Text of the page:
By Beth Werge
Increased game attendance, a growing loyal fan base and new big-money partnerships have allowed the Chicago Sky and the WNBA to reach new audiences, offering numbers that suggest the WNBA isn’t going anywhere but up. Yet rumors of a fold and questions about the WNBA’s sustainability still swirl.
“The WNBA is continuing to get incrementally stronger,” said Sky President Adam Fox.
Despite the disappointing end to the finals, Fox said: “[The Sky is] doing better than alright.” The Sky lost to the Mercury three games straight to give Phoenix its third WNBA championship.
The National Basketball Association funds the women’s league for the most part, but the WNBA acts as a separate entity and has its own broadcasting deal with sports giant ESPN through 2022.
Though the Sky went 21-25 this past season – they suffered a number of injuries over a four-month span, particularly among their starting lineup – the team had an average attendance of 6,685, according to Sky Media and Communications Coordinator Lauren Niemiera. That’s almost double the attendance average in the Sky’s inaugural season back in 2006, which was 3,392 per game.
“It’s really significant,” Fox said. “We are not doing this with a big advertising budget. We don’t have same luxuries as our brother teams around the city [such as the Bulls and other men’s squads], but our success is measurable.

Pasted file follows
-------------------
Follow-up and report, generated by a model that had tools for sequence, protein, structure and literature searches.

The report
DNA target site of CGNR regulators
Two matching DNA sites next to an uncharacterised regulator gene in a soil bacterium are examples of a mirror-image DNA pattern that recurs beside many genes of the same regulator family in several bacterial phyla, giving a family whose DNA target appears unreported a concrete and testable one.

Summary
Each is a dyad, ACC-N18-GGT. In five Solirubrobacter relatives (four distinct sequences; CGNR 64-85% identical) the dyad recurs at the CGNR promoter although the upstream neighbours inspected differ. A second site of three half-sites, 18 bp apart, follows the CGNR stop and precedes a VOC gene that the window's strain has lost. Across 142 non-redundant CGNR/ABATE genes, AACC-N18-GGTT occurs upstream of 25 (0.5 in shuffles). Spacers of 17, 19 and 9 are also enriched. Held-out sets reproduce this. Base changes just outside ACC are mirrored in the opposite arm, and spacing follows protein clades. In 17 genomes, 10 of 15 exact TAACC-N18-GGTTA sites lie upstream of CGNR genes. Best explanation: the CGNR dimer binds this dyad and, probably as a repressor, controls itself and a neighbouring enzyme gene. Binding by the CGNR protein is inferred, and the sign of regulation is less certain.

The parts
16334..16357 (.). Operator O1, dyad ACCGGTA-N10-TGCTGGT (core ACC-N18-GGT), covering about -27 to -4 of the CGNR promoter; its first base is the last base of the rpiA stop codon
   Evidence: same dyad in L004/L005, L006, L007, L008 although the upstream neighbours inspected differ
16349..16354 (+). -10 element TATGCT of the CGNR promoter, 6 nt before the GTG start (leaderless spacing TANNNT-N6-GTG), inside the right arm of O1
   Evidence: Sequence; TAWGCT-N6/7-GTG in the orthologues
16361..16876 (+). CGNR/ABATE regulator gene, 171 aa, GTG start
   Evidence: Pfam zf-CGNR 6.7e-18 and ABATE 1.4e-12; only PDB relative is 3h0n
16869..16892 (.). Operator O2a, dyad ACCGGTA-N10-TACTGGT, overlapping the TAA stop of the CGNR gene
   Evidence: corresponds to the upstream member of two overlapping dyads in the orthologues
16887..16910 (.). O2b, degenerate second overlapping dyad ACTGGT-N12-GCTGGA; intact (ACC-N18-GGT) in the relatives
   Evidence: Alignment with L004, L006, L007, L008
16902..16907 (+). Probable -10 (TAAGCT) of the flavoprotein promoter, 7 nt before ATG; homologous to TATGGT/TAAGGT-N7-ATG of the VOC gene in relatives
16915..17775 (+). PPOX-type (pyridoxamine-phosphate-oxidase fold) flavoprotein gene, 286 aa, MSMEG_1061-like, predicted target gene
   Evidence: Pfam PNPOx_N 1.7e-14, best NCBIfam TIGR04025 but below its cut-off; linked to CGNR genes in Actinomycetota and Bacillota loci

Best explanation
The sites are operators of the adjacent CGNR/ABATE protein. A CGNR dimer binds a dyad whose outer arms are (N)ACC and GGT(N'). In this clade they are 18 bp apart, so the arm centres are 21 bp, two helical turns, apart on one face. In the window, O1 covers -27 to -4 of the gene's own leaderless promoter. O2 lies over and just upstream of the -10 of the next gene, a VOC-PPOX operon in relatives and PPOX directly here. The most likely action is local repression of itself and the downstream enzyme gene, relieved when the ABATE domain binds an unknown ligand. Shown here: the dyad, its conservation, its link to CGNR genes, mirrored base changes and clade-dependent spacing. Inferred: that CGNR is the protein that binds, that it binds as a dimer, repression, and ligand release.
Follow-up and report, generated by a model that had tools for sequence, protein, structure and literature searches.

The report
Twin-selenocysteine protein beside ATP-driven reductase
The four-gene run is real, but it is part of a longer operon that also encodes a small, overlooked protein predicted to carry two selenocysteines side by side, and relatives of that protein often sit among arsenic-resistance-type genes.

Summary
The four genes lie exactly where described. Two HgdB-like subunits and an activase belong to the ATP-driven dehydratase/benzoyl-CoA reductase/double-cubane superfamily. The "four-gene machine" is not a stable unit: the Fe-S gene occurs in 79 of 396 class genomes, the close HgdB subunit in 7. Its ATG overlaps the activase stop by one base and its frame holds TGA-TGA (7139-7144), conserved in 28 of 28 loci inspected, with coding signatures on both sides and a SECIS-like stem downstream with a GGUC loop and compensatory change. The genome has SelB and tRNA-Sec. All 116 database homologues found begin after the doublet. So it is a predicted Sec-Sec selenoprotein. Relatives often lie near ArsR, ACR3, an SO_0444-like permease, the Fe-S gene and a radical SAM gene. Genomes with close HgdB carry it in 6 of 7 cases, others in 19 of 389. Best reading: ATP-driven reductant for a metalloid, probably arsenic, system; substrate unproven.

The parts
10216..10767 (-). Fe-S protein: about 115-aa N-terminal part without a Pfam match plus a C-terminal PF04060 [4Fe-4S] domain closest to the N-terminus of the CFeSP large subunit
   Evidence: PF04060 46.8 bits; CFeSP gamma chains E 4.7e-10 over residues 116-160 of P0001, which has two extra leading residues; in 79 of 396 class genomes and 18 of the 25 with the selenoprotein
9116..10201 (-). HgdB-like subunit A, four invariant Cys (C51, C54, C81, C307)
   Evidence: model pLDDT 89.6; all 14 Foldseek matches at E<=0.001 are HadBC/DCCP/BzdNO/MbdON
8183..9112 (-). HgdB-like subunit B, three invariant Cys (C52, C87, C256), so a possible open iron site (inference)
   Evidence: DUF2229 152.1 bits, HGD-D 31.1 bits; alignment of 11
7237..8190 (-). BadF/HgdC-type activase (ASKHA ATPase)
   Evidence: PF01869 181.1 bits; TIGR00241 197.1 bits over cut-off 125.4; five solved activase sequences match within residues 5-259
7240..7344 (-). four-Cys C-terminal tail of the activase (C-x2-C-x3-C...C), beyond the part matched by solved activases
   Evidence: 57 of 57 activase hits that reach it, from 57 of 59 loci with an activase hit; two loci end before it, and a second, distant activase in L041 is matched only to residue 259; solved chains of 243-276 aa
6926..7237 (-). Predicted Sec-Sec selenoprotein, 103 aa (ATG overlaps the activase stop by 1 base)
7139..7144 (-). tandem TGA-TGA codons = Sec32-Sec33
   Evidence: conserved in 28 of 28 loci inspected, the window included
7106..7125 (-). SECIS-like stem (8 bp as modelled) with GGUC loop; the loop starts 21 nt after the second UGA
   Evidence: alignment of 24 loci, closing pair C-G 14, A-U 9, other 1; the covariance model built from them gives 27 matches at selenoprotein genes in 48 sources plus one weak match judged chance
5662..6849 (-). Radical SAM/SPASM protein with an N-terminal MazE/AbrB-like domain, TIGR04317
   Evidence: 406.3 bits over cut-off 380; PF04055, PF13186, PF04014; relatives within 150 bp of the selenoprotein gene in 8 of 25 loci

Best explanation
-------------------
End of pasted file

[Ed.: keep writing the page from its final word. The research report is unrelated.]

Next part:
“We would love for it to be a cascade, a massive growth,” he said, “but we are currently getting slow but steady growth. And we’d obviously like to see more.”
Attendance totals have grown from 57,657 for the Sky in 2006 to 113,640 this past season, and the team currently has 1,019 season ticket holders. For the WNBA overall, the 2014 total attendance of a little more than 1.55 million is a .6 percent increase from 2013 and a 42 percent increase over its first season in 1997. Both the Sky and the WNBA saw a slight increase in attendance from last year.
“It’s become a mainstream sport,” Fox said. “I don’t think were in trouble at all.”
But Allen Sanderson, senior lecturer in the department of economics at the University of Chicago, disagrees.
“Can the WNBA make it? Only if Maria Sharapova learns how to play basketball,” he said. “Would I like to invest in a WNBA team? No. And I say that from a flat-out investment or economic view. The WNBA couldn’t stand on its own feet, and that becomes the bottom line: Could it sustain itself on its own?”
At this point, Sanderson’s answer is no, though Fox cited having a partner like ESPN and a fresh wave of avid fans as major signals of growth for both the team and the WNBA as a league.
“Our fans come to the game wanting to see us play very well, and win,” Fox said. “We are a nice feel-good story, but it’s not that ‘hip hip hooray, this is so nice that women get a chance to play basketball’ kind of thing.”
But Sanderson said the WNBA is more of an entertainment outlet than it is a serious sport.
“I’m not saying let’s get rid of the WNBA,” he said. “Look, we do things consciously and we lose money at them. We buy dogs. And dogs are losers unless I have a pitbull in a high-crime neighborhood. But they lose money. Boats lose money, but rich people love having them. I raised a teenage daughter – which is expensive.